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Part of my practice includes representing parties in connection with sheriff’s sales. If you need assistance with a similar matter, please call me at 317-639-6151 or email me at john.waller@dinsmore.com. Also, don’t forget that you can follow me on Twitter @JohnDWaller or on LinkedIn, or you can subscribe to posts via RSS or email as noted on my home page.


Criminal Restitution Order Is Like A Tax Lien

United States v. Ervin 2022 U.S. Dist. LEXIS 7344 (N.D. Ind. 2022) dealt with a criminal conviction and resulting order to pay restitution.

Why is a criminal case the subject of a post on Indiana Commercial Foreclosure Law? Because the Court’s opinion reminds us that a "restitution order is a lien in favor of the government on 'all property and rights to property' of the defendant and is treated as if it were a tax lien." United States v. Sayyed, 862 F.3d 615, 618 (7th Cir. 2017) (quoting 18 U.S.C. § 3613(c)).

The Court further stated that “while there is certain property that is exempt, the statutory language applies broadly and is intended to reach every interest in property that a taxpayer might have.” Thus, a restitution order permits the government to "step[] into the defendant's shoes" and acquire his or her rights to property.

Who enforces the lien arising out of a restitution order? Federal law empowers the United States Attorney’s Office to do so. 18 U.S.C. § 3613.

I’ve written about tax liens on several occasions. Here are links to a few of those posts:

Happy St. Patrick’s Day,

John
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I represent parties involved in real estate and loan-related disputes. If you need assistance with a similar matter, please call me at 317-639-6151 or email me at john.waller@dinsmore.com. Also, don’t forget that you can follow me on Twitter @JohnDWaller or on LinkedIn, or you can subscribe to posts via RSS or email as noted on my home page.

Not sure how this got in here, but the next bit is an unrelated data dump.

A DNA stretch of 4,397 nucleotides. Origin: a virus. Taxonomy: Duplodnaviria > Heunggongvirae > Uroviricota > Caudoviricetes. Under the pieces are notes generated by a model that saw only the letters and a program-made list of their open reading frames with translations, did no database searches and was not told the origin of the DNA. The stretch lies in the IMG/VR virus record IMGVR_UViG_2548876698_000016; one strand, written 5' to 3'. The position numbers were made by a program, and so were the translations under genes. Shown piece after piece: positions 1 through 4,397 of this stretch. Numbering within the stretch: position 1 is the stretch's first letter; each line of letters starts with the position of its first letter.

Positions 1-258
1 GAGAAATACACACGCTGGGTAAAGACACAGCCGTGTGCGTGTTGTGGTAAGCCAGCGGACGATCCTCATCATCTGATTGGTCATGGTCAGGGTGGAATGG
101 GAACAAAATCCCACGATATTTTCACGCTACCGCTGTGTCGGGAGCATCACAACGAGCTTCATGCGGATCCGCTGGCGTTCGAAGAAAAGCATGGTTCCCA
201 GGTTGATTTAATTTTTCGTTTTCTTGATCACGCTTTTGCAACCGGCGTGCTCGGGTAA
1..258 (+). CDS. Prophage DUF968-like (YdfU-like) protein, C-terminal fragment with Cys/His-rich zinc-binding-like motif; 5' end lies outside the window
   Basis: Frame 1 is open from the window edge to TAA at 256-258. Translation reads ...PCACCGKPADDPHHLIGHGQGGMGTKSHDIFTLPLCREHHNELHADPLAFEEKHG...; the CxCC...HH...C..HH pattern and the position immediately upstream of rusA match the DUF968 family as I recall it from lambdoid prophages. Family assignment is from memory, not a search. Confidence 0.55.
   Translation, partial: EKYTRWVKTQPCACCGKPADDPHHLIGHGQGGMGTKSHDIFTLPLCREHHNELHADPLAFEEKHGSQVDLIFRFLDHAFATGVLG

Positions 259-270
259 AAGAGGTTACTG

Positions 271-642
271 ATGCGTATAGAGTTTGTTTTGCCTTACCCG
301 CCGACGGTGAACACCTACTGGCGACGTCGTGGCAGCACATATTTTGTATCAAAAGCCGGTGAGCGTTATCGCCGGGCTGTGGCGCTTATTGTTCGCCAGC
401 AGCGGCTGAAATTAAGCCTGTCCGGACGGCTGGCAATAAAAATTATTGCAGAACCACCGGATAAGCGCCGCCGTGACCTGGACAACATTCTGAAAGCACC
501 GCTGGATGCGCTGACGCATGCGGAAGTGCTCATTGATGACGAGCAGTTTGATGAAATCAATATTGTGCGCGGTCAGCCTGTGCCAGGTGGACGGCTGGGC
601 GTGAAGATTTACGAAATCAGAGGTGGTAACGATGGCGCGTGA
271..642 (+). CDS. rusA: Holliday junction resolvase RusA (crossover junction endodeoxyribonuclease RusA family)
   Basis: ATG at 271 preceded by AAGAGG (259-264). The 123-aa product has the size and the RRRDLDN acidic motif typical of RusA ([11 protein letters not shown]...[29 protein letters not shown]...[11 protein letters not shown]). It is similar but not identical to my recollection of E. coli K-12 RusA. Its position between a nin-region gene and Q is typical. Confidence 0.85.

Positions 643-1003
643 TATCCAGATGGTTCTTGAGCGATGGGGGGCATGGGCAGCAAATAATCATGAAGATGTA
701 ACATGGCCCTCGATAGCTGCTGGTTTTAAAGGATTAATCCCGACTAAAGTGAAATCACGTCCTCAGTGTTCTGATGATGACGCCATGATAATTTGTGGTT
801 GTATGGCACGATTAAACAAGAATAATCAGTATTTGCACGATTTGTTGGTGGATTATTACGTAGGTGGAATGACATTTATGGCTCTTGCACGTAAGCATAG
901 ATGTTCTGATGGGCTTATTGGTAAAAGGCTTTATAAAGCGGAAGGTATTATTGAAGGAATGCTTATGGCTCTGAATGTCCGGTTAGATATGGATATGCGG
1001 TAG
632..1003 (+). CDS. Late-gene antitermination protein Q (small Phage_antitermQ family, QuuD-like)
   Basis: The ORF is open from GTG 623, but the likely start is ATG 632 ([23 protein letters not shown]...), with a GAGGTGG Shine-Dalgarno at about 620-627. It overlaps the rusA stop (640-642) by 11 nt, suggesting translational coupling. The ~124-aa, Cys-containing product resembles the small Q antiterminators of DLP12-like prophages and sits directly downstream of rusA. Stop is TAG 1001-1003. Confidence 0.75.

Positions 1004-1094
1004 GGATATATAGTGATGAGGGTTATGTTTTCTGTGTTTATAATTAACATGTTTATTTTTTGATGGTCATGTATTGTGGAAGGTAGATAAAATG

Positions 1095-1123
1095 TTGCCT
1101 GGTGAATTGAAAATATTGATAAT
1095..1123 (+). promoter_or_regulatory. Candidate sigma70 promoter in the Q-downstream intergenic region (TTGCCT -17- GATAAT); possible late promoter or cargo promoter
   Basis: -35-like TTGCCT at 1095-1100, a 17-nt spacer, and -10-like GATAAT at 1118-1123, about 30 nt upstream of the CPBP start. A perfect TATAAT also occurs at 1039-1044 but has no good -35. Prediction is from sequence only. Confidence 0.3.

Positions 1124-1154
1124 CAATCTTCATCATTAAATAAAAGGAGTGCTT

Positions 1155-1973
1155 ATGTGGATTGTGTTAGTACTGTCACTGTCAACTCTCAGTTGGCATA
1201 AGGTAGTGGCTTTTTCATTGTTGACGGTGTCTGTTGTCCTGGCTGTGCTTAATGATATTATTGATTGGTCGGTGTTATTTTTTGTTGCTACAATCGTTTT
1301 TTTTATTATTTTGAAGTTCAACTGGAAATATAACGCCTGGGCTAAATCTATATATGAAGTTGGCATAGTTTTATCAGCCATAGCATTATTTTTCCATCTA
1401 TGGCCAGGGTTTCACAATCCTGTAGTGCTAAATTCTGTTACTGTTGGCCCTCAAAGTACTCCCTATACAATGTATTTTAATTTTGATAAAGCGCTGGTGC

Indiana Legislation Proposed To Shut Bad Acting Landlords Out Of Foreclosure Sales

Indiana House Bill 1048 proposes to some adjustments to the sheriff's sale process.  Here is the latest synopsis of the bill:

Allows the sheriff to conduct a public auction electronically. Prohibits certain persons and entities from purchasing a tract at a sheriff's sale. Requires each person bidding at a sheriff's sale to sign a statement containing a notice of the law and certain affirmations. Raises the amount that a sheriff can charge for administrative fees from $200 to $300.

Click here for the latest version of the bill.  

The bill has been in the news because it targets "slum lords," in the words of the Indianapolis Star (article for subscribers only).  Here is a link to a free article from WFYI: Lawmakers make move to shut bad acting landlords out of online foreclosure sales

I'll keep my eye on this bill and summarize the enacted version after the 2021 legislative session.

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I represent parties in connection with foreclosure cases and sheriff’s sales. If you need assistance with a similar matter, please call me at 317-639-6151 or email me at john.waller@dinsmore.com. Also, don’t forget that you can follow me on Twitter @JohnDWaller or on LinkedIn, or you can subscribe to posts via RSS or email as noted on my home page.